Lived Experiences as a Grandparent in China

Date:  2021-03-13 04:56:15
6 pages  (1667 words)
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Introduction

To catch-up with dramatic changes in the economic structure and social landscape in the recent decades, families in China have had to endure greater challenges than ever before. Industrialization and urbanization inevitably push people into a competition that requires them to devote extra time and vigor competing with one another. Consequently, the original family setup has been changed to fit the context of a metropolitan life. In this new family structure, the role of senior citizens is not defunctionalized as the family convergence theorists and modernization theorists have predicted (Chen, Liu, & Mair, 2011). Increased life expectancy and reduced child mortality in most countries mean that more people live to be grandparents (e.g. Chen et al., 2011). Scholars from various disciplines have largely recognized the increasing importance of intergenerational relations (see Bengtson&Oyama, 2011; Chappell, McDonald&Stones, 2008)). Grandparents are increasingly reporting that they are replacing the role of parents in giving care to their grandchildren. In the U.S., for example, there are 2.6 million grandparents who already claim responsibility for caring for their grandchildren (Livingston & Kim, 2010).

Similar to the western world, the phenomenon of grandparenting is also continuously increasing in China (see Chen et al., 2011, 2012; Goh, 2009). Multiple factors which have resulted from industrialization and economic development together with Confucianism morals and patriarchal traditions have created unique experiences for Chinese grandparents. In China, it is common to find grandparents caring for their grandchildren in most families; there is a sharing of child care responsibilities in both urban and rural areas (Chen et al., 2011). The purpose of this paper is to answer the following questions: What are experiences are the experiences of the grandparents who are involved in grandparenting? How does grandparenting affect the lives of the elderly? How do they feel about intergenerational ties with their grandchildren? The goal of this study is to explore the experiences of grandparents to establish how they play the role of childcare givers to their grandchildren in urban areas. The theory of intergenerational solidarity will be used as a framework to understand Chinese empirical data of grandparents as regular childcare providers.

By focusing on how grandparents experience intergenerational relationships in the unique urban China context, this study hopes to reveal an intersubjective understanding of grandparenting experiences. Grandparents experience is defined as how grandparents feel about their grandchildren, themselves, and the intergeneration relationship between them. The structure of intergenerational relations is the background of this study. This paper will explore and analyze their experiences using a phenomenological approach. Due to geographic limitations, data for this study will be collected through online interviews. By addressing the research problem, gerontologists, psychologists, educator, and adult parents will obtain relevant information that could be used in influencing the discourse of grandparenting, improving intergeneration relations, and reducing the stress that grandparents go through during caregiving. As a result, a less intensive social context to support the senior citizens as grandparents might be provided.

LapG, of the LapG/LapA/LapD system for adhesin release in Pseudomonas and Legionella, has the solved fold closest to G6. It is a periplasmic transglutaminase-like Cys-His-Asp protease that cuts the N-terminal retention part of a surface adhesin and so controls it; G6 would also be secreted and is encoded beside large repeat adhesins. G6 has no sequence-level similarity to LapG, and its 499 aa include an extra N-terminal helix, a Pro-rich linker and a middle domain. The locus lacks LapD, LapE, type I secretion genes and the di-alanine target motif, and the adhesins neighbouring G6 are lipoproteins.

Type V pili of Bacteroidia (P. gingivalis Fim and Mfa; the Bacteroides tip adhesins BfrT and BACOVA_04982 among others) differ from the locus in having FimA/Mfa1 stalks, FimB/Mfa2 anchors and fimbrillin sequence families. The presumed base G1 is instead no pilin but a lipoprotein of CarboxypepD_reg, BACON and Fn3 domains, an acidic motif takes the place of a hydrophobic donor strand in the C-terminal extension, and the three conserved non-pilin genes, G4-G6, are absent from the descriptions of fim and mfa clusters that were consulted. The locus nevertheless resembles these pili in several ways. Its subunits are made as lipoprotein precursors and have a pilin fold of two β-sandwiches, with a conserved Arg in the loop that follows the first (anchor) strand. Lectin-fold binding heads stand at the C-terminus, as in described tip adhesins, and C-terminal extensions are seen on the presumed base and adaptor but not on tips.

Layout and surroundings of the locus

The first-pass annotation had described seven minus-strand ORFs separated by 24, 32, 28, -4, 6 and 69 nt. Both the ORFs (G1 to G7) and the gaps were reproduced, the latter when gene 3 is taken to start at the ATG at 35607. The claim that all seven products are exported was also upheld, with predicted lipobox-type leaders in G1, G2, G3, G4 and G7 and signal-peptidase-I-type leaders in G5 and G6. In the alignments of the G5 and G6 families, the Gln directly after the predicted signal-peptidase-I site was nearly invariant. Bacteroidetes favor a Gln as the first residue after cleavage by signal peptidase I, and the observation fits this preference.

Intergenerational relationships bounds families together and reflect diverse biographical and historical experiences that individuals in a family experience (Walker, 2002). Sociology provides important explanations when it comes to tackling social issues related to intergenerational relations. This phenomenological study is well-motivated in dialogue on literature in intergenerational relations, especially research concerning grandparenting. By describing, interpreting, and understanding grandparenting experiences in urban China, this research will reveal the essential factors in intergenerational dynamics that cut across three different generations.

Researches on grandparenthood in urban China are limited. Most studies focus on the outcome of grandparents giving care to younger grandchildren. Chen and his colleagues developed a series of quantitative researches to explore the mental well-being of grandparents. They examined how sharing child care provision affects old adults health trajectories (Chen et al., 2011). By analyzing data from the China Health and Nutrition Survey, Chen and Liu found out that grandparents who were giving high-intensity care to younger grandchildren were experiencing a decline in health they also observed that a lighter level of attention would bring a protective effect on the grandparents (2011). According to the study conducted, the extent of grandparenthood that could be beneficial to the older adult depended on the form and level of caregiving (Chen et al., 2011). Although researchers aimed at finding out the outcomes of grandparenting, they still gave an analysis of structural and cultural context. From the structural level, existing studies revealed that the nuclear family is the dominant household type and that a majority of the elderly population reside with their adult children (Zeng & Wang, 2003). This implies that grandparents share caregiving responsibilities with their children (Chen, Liu &Mair, 2011)). China has functioned for thousands of years under the Confucianism moral and patriarchal tradition. Grandparenting is guided by the Confucian norm of filial piety (Chen et al., 2011). In the Analects of Confucius, Confucius states his understanding of intergenerational relations, including three requirements of children and one requirement of parents. In the latter parts, Confucius claims that parents should be kind (Ci and Ren) to their children. To some extent, grandparents providing care for their grandchildren are a way to show kindness to their adult children. Besides, Chinese traditional norms also require individuals to put their interest in the collective interest of the family. A family is a basic unit of the social institution, which also has its collective value. To maintain family values and functions, grandparents are required to sacrifice their time and energy. Despite the several quantitative types of research that have been done on grandparenthood in China, researches that focus on grandparents personal experiences are limited. Goh (2009) developed an ethnographic study to gain an in-depth understanding of the experiences of these grandparents and their intergenerational relations in urban China, especially in Ximen. Using ethnographic data (field diaries, contact summaries, memos and reflective notes) Gohs research reflected contradictions between personal choices and intergenerational responsibilities, the personal interests and the family obligations that the Chinese old adults dealt with (2009). To some extent, Gohs research implied a truth that more qualitative studies need to be conducted to give voice to Chinese grandparents. This paper aims at displaying the experiences of Chinese grandparents and as a result, provides an explanation of the way of how they understand the intergenerational relations with their grandchildren.